Diana, owner of Revival Vintage (right) was also wearing a hat from her stock.  Her assistant (on the left in the gold and black) is an excellent photographer and was nice enough to take several photos of us while we were at the show.  Diana has a great selection of vintage hats,  and The Idiosyncratic Fashionistas have purchased a few hats from her.

The eye-catching and original style was by no means limited to the bloggers and the vendors.  Many of the customers are walking style statements who come to the show for inspiration, or to add to their collection.  The young lady on the left made the coat she's wearing, and the red vintage cape on the right was the perfect layering piece for a cool fall day.

This woman was trying on the vintage Haori from one of the vendors and was going to take it off before I took her photo, but I rather liked all the colours, especially her purple afro!

On the left is Linda Pastorino, a dealer in ethnic jewellery, textiles and art, and her daughter Coral is on the right.  They are a splendid example of "like mother like daughter" as Coral has obviously inherited her mother's appreciation for beautiful and unusual textiles

Roddy Caravella and his wife, Milliner Gretchen Fenston must be the best-dressed couple wherever they go.

This guy caught my eye with his winged sneakers and colourful patterned pants and bag.

These women show two ways of styling a beret with a dress, incorporating items from different eras.

Dan, on the left, gets a number of his suits from one of the vendors at the show (Dan refers to him as "my suit guy"), and he always looks impeccable, right down to the little details like his tie clip.   Gregory, on the right, is also a regular at the show.  Seeing him in his three-piece suit, camel's hair coat and fedora made me think that although there were many terrible things about the 1940's, the way men dressed was not one of them.

Martha is a regular at the Vintage Show, and loves wearing styles of the 1940's.  I'm sure she has found many pieces in her wardrobe at shows like this one.   She is even wearing vintage seamed stockings.

Every year I see at least one little four-legged visitor at the show.  On the left, a dog belonging to one of the vendors is unsure whether the white chihuahua is friend or foe.  I thought it was kind of cute that the owner of the chihuahua is a very tall, strapping guy.   The cutie-pie in the right-hand photo is named Trip, and true to his name, is a very well-travelled little pup.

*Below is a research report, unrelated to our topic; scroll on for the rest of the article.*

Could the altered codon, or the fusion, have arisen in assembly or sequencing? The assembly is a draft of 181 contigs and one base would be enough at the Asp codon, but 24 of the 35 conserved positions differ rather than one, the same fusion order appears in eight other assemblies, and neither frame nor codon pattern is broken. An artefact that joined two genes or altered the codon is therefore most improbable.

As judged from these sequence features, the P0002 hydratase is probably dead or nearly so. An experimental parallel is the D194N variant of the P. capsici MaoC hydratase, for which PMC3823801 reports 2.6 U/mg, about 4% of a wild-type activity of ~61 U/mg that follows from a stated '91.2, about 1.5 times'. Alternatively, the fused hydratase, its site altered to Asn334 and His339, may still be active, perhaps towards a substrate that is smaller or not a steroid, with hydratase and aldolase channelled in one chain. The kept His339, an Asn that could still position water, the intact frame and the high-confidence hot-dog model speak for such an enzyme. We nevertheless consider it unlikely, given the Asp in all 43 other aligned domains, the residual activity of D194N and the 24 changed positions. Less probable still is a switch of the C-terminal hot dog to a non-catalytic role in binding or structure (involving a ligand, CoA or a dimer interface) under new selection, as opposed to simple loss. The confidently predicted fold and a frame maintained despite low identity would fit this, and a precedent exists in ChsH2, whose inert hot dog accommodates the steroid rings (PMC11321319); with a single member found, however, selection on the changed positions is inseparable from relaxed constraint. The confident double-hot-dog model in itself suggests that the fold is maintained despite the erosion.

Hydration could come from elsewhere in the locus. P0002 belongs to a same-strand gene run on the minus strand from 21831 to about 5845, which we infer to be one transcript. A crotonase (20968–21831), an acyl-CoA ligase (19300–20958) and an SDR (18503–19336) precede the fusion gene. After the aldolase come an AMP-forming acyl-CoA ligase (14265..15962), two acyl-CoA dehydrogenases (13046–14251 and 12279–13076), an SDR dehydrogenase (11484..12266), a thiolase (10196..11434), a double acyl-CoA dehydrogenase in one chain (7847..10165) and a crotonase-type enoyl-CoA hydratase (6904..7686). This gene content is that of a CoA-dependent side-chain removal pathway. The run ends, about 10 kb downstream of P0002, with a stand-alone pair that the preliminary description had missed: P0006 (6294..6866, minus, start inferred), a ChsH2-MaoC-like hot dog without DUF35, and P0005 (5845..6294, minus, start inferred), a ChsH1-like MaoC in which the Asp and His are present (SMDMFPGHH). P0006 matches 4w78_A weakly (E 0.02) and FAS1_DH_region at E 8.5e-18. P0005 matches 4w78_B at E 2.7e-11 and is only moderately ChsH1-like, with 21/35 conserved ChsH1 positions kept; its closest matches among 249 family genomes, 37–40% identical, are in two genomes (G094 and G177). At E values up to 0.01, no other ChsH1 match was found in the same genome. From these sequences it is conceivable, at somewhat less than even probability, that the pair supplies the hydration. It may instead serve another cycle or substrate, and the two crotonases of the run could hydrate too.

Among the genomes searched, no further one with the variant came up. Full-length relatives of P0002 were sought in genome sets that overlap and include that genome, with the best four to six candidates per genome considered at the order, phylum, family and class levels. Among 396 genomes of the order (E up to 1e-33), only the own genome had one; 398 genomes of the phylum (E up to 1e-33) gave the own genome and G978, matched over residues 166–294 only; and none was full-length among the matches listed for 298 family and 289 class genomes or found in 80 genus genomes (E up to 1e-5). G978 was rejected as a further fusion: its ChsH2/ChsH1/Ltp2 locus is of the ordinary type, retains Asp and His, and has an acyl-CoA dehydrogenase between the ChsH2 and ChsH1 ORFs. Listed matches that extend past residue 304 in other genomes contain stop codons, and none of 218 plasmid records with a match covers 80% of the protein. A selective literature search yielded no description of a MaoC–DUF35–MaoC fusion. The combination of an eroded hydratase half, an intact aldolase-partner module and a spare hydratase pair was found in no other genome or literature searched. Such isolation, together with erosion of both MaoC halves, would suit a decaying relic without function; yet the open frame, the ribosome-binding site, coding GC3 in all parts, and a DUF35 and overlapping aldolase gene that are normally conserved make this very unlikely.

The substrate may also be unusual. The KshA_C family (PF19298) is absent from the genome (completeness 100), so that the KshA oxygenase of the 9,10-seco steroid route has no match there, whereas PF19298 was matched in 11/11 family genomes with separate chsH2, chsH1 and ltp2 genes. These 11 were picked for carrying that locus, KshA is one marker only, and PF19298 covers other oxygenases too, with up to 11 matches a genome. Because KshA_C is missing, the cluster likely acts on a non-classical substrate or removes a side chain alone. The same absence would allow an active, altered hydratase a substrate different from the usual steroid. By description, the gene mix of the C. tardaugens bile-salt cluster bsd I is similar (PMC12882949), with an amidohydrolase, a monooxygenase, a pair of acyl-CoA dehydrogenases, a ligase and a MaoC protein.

Saturday, November 21, 2015

A Close Shave

Let's take a brief intermission while I continue to edit my photos from New York and take a look at a couple of my recent outfits, shall we?

Oh, and by the way, I cut off all my hair......

Not that there was much left to lose, just the coloured chunk at the front, which took all of 5 seconds to shave off.  Why, you may ask?  It was costing me a lot of money to maintain the colour in a little chunk of hair, and I had exhausted my colour options.  Watching Judith transition to her natural colour was rather inspiring, and it seemed like a good time for a change.  I like it, and the reactions so far have been positive.  Which I appreciate, but has also provided some food for thought; the last time I had my hair this short was in my late 20's and the amount of verbal abuse I received was astonishing.  I'm not sure if it's the case that people are now used to seeing more women with shaved hairstyles, or now that I'm in my 50's, most people aren't paying attention to what I look like.  Either way, it's a relief.

As far as the outfit goes, it's all secondhand.  The dress and boots are from Beacon's Closet in New York and I purchased the vest at the Toronto Vintage Clothing Show last spring.   It's wool, and was made in Finland so it's a great layering piece now that the weather is colder.

The dress is cotton and rayon, made in Morocco, and has two layers for extra fullness.  I had to hike it up so you could see my socks - they have roller skates with wings on them.  I found the necklace at a Housing Works Thrift Store during one of my visits to New York.

This photo was taken after I returned from New York in October, and the weather was cool enough that I could start layering pieces.  The thrifted wool pants I'm wearing went to New York with me, and wore them 3 days out of 5.  They're cozy and I like the shape, but I find I need to wear something fitted on top so they don't look sloppy.  This was the first wearing for the Psylo vest I got at From Mars in the late spring.  It's held together at the front by giant safety pins, which is one of the reasons I bought it.